Airports are usually noisy places, but at Ciudad Real in central Spain the silence on a weekday morning is broken only by the sound of birdsong.

As Spain struggles to cut its budget deficit to avert another eurozone sovereign debt crisis, and as its politicians prepare for local elections, Ciudad Real Central – one of the country’s largest and most modern international airports – has become a monument to the financial folly born of the property boom and exacerbated by regional politics.

“It’s the silent airport,” says an airport employee, finishing her coffee in the cavernous departure hall. It is a Thursday, and there are no passengers because not a single flight is scheduled to depart.

“An airport in the middle of the desert. It’s scandalous,” says Lorenzo Bernaldo de Quirós, partner at Freemarket Corporate Intelligence and a fierce critic of what he sees as excessive devolution leading to waste of public money. “Every province wants an airport, just as they all want a university.”

One airline – Vueling, the low-cost arm of Iberia – runs two flights a week to Paris and four to Barcelona, with help from regional government subsidies. In winter, private jets occasionally bring wealthy hunters to shoot partridge and deer.

To critics of Spain’s devolved system of government, with its 17 autonomous regions, 50 provinces and 8,100 municipalities, the airport was a predictable but avoidable fiasco.

The site is next to a town of just 72,000 people on the sparsely populated Castilian plain and lies more than 140 miles from Madrid. It was even named after Don Quixote, the deluded Castilian gentleman of Cervantes’s famous novel, before wiser heads renamed it simply “Central”.

The airport, which has been in bankruptcy proceedings since mid-2010, officially cost €450m ($620m), but the bill reaches about €1bn when publicly funded infrastructure and running costs so far are included.

Although launched by local private investors, the project has been fulsomely supported by the regional government of Castilla La Mancha and was financed by CCM, the regional savings bank, or caja. In 2009, CCM became the first Spanish caja to be rescued during this economic crisis. It received €3bn in aid from a deposit guarantee fund, now the airport’s largest shareholder, and was absorbed in a merger backed by €1.5bn from the public bank rescue fund.

“In Spain, given the tremendous growth of recent years, people thought that anything could be done, that it would be easy and quick and would make lots of money,” says Francisco Cañizares, a municipal councillor in nearby Ciudad Real and a member of the right-wing Popular party (PP), which opposes the Socialists currently in charge of the central government and the region of Castilla La Mancha.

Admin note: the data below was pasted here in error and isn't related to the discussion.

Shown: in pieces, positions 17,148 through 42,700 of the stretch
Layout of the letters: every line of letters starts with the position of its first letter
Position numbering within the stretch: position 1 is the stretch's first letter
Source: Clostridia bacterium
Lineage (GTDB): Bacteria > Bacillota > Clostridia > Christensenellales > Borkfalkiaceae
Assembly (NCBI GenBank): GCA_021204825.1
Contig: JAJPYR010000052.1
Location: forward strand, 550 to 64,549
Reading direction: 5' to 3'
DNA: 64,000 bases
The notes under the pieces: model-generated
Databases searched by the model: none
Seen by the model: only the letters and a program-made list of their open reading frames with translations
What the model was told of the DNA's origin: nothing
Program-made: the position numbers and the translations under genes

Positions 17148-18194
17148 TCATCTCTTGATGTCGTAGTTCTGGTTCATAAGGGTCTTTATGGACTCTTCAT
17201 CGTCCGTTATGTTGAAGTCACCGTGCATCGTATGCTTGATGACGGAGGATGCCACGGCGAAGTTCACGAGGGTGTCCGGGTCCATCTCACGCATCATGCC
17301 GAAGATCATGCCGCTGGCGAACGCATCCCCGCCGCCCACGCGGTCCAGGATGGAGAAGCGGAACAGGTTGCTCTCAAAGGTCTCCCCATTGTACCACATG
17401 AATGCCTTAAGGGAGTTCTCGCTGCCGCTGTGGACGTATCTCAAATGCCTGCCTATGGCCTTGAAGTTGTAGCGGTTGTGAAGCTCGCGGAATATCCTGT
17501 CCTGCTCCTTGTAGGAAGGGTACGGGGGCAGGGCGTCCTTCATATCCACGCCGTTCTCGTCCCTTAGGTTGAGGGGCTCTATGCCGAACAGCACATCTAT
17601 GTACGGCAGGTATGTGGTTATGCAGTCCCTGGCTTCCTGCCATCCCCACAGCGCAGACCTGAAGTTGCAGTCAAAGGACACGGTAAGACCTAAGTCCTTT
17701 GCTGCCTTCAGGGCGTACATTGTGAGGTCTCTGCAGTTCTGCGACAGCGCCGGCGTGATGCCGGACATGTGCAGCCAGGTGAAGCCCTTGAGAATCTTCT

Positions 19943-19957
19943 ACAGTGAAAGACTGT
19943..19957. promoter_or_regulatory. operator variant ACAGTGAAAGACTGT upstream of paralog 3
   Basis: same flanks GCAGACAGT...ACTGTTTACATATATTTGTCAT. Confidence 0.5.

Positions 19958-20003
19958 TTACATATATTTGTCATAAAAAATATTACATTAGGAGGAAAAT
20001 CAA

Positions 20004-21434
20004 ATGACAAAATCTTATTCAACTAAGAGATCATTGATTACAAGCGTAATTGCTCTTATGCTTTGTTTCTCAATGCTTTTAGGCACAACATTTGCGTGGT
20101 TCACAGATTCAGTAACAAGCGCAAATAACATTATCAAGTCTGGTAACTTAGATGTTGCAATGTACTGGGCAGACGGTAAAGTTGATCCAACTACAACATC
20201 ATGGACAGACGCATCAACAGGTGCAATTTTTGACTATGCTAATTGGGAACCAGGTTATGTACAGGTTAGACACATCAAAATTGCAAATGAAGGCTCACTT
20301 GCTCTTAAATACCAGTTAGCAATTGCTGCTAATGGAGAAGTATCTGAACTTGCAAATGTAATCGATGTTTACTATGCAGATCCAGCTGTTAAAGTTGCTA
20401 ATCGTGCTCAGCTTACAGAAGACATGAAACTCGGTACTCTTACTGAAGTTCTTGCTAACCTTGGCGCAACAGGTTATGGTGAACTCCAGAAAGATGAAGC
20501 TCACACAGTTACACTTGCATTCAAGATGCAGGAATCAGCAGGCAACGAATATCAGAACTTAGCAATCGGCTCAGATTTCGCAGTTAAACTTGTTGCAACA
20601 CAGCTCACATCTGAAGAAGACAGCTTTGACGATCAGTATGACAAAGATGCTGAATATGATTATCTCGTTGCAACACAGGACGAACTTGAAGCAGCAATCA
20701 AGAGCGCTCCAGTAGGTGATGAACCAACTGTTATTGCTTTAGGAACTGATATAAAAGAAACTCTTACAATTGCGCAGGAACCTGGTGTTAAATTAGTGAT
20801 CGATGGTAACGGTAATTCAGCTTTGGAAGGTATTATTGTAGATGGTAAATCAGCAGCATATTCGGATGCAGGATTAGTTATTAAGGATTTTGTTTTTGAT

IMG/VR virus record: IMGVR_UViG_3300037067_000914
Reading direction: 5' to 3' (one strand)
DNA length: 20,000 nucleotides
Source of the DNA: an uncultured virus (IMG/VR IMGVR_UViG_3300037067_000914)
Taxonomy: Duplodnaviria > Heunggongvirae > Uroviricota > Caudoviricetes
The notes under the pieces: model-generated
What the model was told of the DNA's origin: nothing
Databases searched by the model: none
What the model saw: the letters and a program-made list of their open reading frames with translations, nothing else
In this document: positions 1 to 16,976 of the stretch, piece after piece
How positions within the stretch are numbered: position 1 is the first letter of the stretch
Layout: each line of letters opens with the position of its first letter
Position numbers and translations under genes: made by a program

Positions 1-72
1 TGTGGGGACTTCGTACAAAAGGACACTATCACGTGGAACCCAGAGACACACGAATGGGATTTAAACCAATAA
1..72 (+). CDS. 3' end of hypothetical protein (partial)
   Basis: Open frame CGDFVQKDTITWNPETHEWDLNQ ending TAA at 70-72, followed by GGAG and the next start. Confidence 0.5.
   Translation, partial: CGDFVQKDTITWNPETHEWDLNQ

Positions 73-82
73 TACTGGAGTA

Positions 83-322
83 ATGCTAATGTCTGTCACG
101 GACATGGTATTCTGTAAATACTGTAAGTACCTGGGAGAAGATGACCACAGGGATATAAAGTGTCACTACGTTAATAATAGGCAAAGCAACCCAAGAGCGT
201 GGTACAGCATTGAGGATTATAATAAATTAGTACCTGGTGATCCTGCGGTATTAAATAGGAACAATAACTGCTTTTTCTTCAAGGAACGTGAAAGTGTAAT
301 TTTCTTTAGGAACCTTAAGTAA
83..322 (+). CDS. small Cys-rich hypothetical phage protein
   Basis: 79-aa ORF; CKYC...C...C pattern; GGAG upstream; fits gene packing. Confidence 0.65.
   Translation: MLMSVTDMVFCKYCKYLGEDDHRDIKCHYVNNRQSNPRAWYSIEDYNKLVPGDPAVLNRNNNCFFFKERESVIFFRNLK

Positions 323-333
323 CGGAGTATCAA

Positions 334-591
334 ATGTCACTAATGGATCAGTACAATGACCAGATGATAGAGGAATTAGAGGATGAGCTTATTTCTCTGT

“In principle it was a private airport, but the ones who put in most money were public, essentially CCM.”

PP leaders, who are expected to do well in this year’s regional elections against their Socialist rivals, sense the public mood is turning against waste and bureaucracy in Spain’s multi-tiered system of government. “Spain can’t compete in Europe or the world with autonomous regions aspiring to become mini-nations,” said José María Aznar, former PP prime minister, recently.

Bond market investors appear to have accepted that Spain has brought its central government deficit under control, but they are now focusing on the growing burden of regional and municipal debt.

When new regional governments take over after the May elections, says Mr Bernaldo de Quirós, they are likely to find the accounts in worse shape than previously believed, as happened in Greece in 2009 and in the Spanish region of Catalonia at the end of last year. “People will question the reliability of the public accounts,” he says.

Defenders of the status quo insist Spain is no worse than most other European countries. “The level of development that Spain has now would have been impossible without the autonomous regions, because it’s impossible to run a country with the centralised territorial system of the 19th century,” says Javier Burón Cuadrado of law firm Cuatrecasas, Gonçalves Pereira, who advises the association of municipalities and provinces.

Even the airport has its defenders. They point out that it was conceived when Madrid’s Barajas airport was congested, was supposed to have a high-speed railway station, and was opened in 2008 in the depths of the economic crisis. José María Barreda, Socialist premier of Castilla La Mancha, insists the airport’s moment will come, and denies it was a “get-rich-quick scheme”.

Meanwhile, tranquillity reigns at the sleepy airport. There is, briefly, a noise like that of an approaching aircraft. But it is only the whoosh of a high-speed train on its way from Seville to Madrid.

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